- The Task of World History
- Theories of World History since the Enlightenment
- World Environmental History
- Nomadic pastoralism
- States, State Transformation, and War
- Religions and World History
- Technology, Engineering, and Science
- Advanced Agriculture
- Trade across Eurasia to about 1750
- Biological Exchanges in World History
- Cultural Exchanges in World History
- Pre-modern Empires
- Modern Imperialism
- East Asia and Central Eurasia
- South Asia and Southeast Asia
- The Middle East in World History
- Africa in World History: The Long, Long View
- Europe and Russia in World History
- Mediterranean History
- The Americas, 1450–2000
- The Atlantic Ocean Basin
- Oceania and Australasia
- The pacific Ocean Basin to 1850
Abstract and Keywords
This article examines the relationship between genders and world history studies. Gender is commonly held to be a neglected topic in world historical scholarship. We could point to the ever-growing body of scholarship that has outlined how gender is implicated in the full range of human activities. The relations that bind men and women, men and men, and women and women together in social, political, economic, and cultural activities are so fundamental a part of human experience that they cannot be glossed over, passed by or passed on as the province of specialist historians. The discussion argues that there is no shortage of writing on gender in world history. What is still lacking, however, is widespread awareness of the extent to which gender shapes world historical research, writing, and teaching, particularly works in which women are not mentioned.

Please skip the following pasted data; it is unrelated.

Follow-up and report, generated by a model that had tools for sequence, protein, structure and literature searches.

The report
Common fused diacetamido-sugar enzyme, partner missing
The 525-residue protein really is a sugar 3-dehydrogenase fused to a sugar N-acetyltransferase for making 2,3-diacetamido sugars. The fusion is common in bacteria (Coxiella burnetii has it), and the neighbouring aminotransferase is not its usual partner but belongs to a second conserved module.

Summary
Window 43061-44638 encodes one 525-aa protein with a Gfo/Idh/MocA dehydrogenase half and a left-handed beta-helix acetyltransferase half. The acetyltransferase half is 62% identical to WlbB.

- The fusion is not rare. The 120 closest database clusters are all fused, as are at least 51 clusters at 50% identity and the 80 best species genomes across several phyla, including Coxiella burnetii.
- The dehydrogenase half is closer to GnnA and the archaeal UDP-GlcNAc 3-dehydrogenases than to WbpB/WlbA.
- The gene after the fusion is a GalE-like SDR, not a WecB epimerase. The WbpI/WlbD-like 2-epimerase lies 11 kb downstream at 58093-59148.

Marnie Hughes-Warrington is pro-Vice Chancellor for Learning and Teaching Quality at Monash University.
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